Serving with Compassion

“Put on then, as God’s chosen ones, holy and beloved, heartfelt compassion, kindness, humility, gentleness, and patience.”  — Colossians 3:12 (NAB)

When we hear of someone who is suffering, we feel sorry for them; we have feelings of pity and empathy.  If someone loses a loved one, a job, has an incurable illness or accident, we feel these emotions.

But, are these emotions compassion or something else?

Compassion is literally defined as “to suffer together.” It is often described as “the heart that trembles in the face of suffering.” When we are compassionate we take on that suffering and are moved to relieve it.  Compassionate people have the ability to feel what others are feeling.  It may be because they know what it is like to suffer.  Compassionate people act on their kindness.

“[And] be kind to one another, compassionate, forgiving one another as God has forgiven you in Christ.” — Ephesians 4:32 (NAB)

Compassionate people practice self-compassion as well. By being compassionate to ourselves we will be more successful in changing a bad habit, getting back to the gym, or eating a healthier diet. There are many health benefits from being a more compassionate person.  Studies have shown an increase in the hormones that counter aging and reduce stress.

What are some of the ways we can practice being a more compassionate person? How can increasing our compassion better help us serve others?

Here are a few ideas:

  • Act on your feelings of empathy and pity. When you hear of someone suffering have the courage to act on it. Try sending them a card or make a phone call and encourage them.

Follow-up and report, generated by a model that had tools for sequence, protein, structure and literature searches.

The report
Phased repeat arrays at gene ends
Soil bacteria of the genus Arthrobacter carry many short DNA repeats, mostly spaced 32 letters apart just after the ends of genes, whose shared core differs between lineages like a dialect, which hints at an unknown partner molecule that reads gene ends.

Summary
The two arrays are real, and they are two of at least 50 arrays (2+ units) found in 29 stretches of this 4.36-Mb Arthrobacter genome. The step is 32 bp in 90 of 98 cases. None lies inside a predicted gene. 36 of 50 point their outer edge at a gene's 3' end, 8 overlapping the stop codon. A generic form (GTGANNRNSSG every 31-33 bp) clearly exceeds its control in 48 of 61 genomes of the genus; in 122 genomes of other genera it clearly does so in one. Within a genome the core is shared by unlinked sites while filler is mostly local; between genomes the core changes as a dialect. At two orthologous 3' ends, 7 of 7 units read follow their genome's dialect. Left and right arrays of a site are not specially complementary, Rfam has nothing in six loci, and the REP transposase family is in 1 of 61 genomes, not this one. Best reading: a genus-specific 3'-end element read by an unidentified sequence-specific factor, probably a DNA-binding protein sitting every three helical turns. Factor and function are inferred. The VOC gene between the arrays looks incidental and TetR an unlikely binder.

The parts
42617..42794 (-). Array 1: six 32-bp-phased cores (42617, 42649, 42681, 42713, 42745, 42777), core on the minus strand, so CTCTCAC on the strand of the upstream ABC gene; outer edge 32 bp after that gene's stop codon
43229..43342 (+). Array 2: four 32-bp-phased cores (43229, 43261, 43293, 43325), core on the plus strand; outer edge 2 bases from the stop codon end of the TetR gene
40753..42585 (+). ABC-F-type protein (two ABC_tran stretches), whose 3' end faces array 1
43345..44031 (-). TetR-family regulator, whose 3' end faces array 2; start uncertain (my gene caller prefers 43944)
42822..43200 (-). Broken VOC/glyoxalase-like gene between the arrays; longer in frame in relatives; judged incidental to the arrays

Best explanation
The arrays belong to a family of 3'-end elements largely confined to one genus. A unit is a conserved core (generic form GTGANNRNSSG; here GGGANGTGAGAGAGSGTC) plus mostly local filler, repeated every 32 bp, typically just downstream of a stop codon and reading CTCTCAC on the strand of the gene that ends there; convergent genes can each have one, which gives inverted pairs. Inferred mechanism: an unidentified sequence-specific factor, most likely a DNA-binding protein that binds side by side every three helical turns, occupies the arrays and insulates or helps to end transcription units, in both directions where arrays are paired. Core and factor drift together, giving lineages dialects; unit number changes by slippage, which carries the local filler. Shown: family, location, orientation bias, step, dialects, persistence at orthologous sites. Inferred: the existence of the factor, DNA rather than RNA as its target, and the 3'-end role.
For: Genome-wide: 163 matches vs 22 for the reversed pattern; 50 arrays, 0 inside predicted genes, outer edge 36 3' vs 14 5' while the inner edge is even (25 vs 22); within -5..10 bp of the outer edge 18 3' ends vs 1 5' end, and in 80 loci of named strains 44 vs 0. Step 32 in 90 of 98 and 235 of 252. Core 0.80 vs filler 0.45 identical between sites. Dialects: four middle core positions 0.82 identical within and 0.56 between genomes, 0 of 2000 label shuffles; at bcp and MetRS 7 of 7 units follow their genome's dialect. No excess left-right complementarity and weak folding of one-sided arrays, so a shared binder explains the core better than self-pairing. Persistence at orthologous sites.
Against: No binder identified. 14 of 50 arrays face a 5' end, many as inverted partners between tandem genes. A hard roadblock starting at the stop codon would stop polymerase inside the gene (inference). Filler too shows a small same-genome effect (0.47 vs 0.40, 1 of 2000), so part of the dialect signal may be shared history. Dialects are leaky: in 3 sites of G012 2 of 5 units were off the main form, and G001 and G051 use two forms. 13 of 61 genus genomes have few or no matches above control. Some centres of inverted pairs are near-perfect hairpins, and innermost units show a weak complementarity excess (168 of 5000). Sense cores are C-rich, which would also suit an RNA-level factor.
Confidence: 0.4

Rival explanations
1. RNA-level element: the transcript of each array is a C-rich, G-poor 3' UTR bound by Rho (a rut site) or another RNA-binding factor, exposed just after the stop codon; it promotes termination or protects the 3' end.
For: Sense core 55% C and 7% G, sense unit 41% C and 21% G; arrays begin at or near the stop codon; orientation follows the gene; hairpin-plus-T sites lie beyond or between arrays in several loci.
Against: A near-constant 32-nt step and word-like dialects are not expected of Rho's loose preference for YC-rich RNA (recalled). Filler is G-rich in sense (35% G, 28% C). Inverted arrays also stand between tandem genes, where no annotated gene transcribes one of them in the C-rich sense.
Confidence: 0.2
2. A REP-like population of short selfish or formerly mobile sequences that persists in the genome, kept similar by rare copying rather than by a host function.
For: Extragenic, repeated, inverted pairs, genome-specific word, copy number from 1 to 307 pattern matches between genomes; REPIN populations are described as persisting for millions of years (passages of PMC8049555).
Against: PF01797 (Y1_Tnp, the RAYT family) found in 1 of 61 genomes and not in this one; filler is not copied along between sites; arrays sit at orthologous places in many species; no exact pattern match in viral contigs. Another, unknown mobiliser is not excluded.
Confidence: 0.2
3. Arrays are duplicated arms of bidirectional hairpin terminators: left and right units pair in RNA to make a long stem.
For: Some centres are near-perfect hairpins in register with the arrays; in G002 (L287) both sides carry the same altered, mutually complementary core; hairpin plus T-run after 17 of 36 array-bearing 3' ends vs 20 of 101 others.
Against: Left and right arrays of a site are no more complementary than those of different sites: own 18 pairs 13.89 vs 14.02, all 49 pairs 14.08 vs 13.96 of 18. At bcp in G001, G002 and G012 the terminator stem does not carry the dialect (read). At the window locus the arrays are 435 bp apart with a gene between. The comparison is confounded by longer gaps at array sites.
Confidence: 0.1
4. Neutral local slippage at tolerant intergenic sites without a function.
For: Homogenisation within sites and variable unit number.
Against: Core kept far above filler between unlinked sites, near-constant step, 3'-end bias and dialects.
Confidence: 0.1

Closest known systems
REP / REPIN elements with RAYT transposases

• Practice random acts of kindness. Simple gestures like smiling, saying hello, and thank you, are a start.  Inviting someone to lunch or spending some one-on-one time with a suffering friend can work wonders.
  • Be kind. As the old saying goes, “Be kind, because everyone you meet is fighting a battle you know nothing about.” Your showing compassion will help them open up and share what is on their hearts.
  • Be grateful. Being grateful for our blessings helps us to better serve those going through hard times. We all will experience tough times in our lives and our ability to cope is increased by our compassion for others.
  • Sometimes a hug will speak louder than anything you can say. Without a word, it says I’m here for you, I feel your pain and will do what I can to help.

As we seek to serve others as our Lord asks, let’s practice being compassionate people.  Let’s act on our feelings of empathy. It will be a blessing to the people we come in contact with and it will have many health benefits, as well.  Who can argue with that!

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